Lexie was evicted from his flat some years ago because he allowed the smalltime drug-dealers who preyed upon his addictions to ply their trade in it, and was so famous for aggressive begging that when he was banned from two of Cambridge's thoroughfares it made the front page of a local newspaper. So why am I writing his obituary?
Because when you got to know him, you could see that substance use had not completely effaced his humanity. For example, when his banning order was published, a woman, a senior citizen, wrote into the same paper recalling how Lexie had always helped her across one of the roads he was banned from, it being notoriously difficult to cross.
There's been much opposition to individual and collective banning orders from the more liberal element in Cambridge, but it was the making of Lexie, because he had much less opportunity to bump into the people he scored drugs from. Another key component in deferring an inevitable death from organ-failure was the policy of the drug-agency he collected medication from, that if any alcohol at all was detected on the breathalyser, the medication was withheld. This didn't stop him drinking, but it meant he had to put the cans of super-strength lager to the side at a specific time so that he wouldn't fail the breathalyser test the next morning.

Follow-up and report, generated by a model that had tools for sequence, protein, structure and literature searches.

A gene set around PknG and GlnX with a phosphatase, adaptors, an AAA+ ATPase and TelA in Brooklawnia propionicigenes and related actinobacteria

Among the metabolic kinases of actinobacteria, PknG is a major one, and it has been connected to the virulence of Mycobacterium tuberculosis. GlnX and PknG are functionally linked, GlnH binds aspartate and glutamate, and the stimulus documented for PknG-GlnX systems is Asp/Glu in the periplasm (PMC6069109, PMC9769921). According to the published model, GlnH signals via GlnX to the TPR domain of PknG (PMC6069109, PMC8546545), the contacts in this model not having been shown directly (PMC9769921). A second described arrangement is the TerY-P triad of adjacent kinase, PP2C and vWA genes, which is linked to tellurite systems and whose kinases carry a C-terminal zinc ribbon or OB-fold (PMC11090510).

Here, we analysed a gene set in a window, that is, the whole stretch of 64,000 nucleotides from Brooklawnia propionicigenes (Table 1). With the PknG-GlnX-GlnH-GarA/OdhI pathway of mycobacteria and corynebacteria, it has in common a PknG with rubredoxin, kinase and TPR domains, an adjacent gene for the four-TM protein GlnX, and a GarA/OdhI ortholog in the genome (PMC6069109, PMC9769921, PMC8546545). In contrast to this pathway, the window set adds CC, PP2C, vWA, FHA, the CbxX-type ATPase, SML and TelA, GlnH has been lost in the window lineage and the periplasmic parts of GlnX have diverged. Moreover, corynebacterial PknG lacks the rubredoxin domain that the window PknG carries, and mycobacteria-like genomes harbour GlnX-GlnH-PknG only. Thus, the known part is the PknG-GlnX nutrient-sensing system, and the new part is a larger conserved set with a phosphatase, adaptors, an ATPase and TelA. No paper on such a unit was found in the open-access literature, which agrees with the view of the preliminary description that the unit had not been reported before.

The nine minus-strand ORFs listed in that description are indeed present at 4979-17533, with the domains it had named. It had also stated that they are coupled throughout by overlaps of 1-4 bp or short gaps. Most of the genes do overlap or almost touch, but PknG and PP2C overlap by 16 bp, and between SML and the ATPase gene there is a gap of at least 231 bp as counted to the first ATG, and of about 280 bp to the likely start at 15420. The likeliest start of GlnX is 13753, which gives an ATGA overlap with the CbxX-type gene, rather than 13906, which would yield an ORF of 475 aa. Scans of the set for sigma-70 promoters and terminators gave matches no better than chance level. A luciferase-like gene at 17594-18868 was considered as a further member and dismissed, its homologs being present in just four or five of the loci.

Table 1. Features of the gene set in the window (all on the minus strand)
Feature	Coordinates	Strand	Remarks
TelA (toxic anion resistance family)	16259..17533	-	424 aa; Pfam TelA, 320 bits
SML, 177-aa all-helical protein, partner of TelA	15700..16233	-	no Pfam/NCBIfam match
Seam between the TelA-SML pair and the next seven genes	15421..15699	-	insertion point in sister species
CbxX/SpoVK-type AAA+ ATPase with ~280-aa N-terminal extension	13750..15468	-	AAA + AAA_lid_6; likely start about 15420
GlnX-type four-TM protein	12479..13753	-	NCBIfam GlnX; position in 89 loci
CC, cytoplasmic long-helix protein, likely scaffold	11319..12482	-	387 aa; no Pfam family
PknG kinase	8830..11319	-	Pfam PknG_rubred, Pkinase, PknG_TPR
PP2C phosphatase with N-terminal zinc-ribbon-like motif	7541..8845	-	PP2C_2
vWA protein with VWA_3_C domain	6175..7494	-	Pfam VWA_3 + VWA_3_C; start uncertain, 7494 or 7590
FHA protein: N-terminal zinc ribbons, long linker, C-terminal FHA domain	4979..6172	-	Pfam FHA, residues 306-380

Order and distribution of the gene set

Unfortunately, when the contract to run the drugs-service was put out to tender, the conditions set down for bidding precluded breathalyser tests. That's another story; but the consequences for Lexie were that the complex machinery of carrots and sticks that mitigated the effects of his substance use upon himself and society was irretrievably broken, and his behaviour became much harder for the dedicated staff looking after him to manage.
What effect will Lexie's actions have on his life after bodily failures terminated the death that composed much of his time on earth? God knows. But it's very difficult to get into a situation where you're addicted to one or more substances by yourself - something the police in Cambridgeshire are showing their realisation of by differentiating less between big and small fish, and merely asking whether somebody is a fish.
In a society whose values are so topsy-turvy that smoking a cigarette in a public toilet carries harsher penalties than injecting heroin in it, I hope senior police officers will close their ears to those who enthrone rights high above responsibilities, and move towards zero tolerance of all drug crimes.
I pray that the Lord grant eternal rest to Lexie.